UniQuant software uses the original factory calibration to determine concentrations for completely unknown samples by subjecting the intensities acquired from the samples to comprehensive mathematical algorithms. These algorithms correct for matrix effects as well as inter-elemental effects to provide results. UniQuant is also unique in its method of intensity measurements. Unlike other semi-quantitative software programs, UniQuant uses a method known as peak hopping instead of a continuous scan technique to acquire the intensities for all measurable elements. The procedure of peak hopping allows for faster analysis by not wasting measurement time on any location that an element peak will not be found or the time to climb and descend existing peak shoulders. UniQuant software will measure every theoretical 2-theta angle for each element, including alternative lines for some heavier elements and background positions. By focusing the elemental counting times to only peak locations, UniQuant is able to provide more accurate results and lower detection limits compared to other scan based semi-quantitative methods. UniQuant uses a Primary Beam Filter device to remove spectral interference from Rhodium Tube lines. An interesting feature is that the counting time for each analytical line can be defined separately depending on the main interest of the analyst. This last point makes this analysis routine extremely useful for small spot analysis since the obtained intensities will be far lower than the standard 29mm aperture and therefore require longer count times.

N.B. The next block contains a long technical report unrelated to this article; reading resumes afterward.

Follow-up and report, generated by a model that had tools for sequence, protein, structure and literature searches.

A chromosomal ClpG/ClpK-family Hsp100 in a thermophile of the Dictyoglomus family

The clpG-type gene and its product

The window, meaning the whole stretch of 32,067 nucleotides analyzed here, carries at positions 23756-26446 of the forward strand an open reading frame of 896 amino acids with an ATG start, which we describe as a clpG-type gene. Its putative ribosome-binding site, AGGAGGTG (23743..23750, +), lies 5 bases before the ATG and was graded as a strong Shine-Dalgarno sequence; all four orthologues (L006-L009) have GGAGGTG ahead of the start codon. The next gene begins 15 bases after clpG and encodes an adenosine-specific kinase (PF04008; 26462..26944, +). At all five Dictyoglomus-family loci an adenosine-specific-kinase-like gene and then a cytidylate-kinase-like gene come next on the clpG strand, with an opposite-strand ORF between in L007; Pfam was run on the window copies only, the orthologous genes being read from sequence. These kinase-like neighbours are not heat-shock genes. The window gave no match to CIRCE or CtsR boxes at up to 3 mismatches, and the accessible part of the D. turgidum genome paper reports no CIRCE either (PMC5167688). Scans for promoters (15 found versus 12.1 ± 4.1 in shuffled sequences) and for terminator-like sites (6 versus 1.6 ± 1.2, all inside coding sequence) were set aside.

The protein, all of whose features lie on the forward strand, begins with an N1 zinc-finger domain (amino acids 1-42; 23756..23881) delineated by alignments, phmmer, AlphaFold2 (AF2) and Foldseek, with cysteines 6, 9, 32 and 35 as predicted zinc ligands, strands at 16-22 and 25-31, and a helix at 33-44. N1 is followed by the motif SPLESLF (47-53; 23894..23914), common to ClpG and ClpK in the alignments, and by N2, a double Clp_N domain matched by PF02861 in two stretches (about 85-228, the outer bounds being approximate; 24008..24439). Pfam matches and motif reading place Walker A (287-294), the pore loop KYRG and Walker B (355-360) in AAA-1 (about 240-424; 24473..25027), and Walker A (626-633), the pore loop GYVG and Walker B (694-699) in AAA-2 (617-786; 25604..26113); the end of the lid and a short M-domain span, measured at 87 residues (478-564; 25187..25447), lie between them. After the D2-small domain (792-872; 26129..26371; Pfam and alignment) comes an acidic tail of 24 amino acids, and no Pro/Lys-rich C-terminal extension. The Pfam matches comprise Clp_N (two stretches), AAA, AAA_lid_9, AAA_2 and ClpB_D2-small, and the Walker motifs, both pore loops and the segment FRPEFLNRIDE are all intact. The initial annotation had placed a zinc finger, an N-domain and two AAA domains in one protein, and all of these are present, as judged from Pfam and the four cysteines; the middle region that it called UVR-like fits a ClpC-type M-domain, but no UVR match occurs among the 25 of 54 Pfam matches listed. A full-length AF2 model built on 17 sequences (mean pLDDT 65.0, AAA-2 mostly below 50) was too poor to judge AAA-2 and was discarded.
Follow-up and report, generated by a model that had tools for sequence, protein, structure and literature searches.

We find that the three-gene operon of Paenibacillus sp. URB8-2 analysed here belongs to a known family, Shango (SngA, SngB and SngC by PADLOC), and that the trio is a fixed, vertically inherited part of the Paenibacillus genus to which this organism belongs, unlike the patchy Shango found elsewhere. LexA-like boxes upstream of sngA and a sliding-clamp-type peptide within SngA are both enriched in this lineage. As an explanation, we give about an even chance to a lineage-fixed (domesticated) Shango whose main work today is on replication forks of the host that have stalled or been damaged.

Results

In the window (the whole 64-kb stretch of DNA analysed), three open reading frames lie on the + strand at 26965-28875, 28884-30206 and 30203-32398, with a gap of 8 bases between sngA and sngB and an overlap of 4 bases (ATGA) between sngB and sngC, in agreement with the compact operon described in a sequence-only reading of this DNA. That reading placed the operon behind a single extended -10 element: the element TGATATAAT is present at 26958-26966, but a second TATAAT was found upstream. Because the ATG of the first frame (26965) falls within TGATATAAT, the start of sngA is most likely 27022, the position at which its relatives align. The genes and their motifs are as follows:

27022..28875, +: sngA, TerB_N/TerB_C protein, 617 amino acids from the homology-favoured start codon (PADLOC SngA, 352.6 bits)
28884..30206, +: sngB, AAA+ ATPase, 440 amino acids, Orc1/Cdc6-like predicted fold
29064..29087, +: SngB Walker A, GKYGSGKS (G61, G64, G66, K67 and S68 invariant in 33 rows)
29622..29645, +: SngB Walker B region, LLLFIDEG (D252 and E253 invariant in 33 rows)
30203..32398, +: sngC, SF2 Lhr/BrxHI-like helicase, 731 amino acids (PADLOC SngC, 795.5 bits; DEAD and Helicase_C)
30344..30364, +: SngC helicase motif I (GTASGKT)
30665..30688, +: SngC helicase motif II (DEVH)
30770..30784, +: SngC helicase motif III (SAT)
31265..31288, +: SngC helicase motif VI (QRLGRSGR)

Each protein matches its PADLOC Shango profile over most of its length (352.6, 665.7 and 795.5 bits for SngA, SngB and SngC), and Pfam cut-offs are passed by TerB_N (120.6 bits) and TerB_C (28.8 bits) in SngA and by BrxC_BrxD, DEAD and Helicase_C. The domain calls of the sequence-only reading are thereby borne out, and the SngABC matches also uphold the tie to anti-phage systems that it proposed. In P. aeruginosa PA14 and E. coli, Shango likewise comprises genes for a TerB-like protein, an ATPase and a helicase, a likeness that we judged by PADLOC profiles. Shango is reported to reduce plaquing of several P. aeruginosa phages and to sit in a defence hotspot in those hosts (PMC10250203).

Mapping example: Mapped elements in a geological sample

Mapping imaging is a very helpful way of better understanding a problem. The 2D images can be viewed as individual element distributions or overlaid to give a more comprehensive correlation of the elements as a group. The 3D images are single element display and can be rotated for a full 360 degree visualization or even a birds-eye view. While most maps are collected as intensity only images, empirical calibrations can also be used to fully quantify the result. Geological samples can offer the most interesting and informative mapping images. In this example, one can see the base material being Mn due to its uniform base and strong intensity response but also note the other elements present with a large formation of Si of to one side and the presence of possibly a Ca, S, P vein running through the center of the sampled area. The figure to the left shows a mapping of a Mn Rock:

Conclusion

The examples presented here are only a fraction of the applications that many analysts are using today. Investigative abilities using WDXRF have been shown to save thousands of dollars in process monitoring. With UniQuant software, small samples are no longer a hindrance due to size and lack of calibrating materials. Coating thickness across a surface is now possible to review without the need of specialized instrumentation. Quantification using empirical calibrations on undersized or irregular shaped materials is possible through the use of a standard laboratory WDXRF, even in-situ. Mapping/small spot analysis brings many benefits to the analyst which simply was not available in the past, especially when combined with a standardless routine such as UniQuant.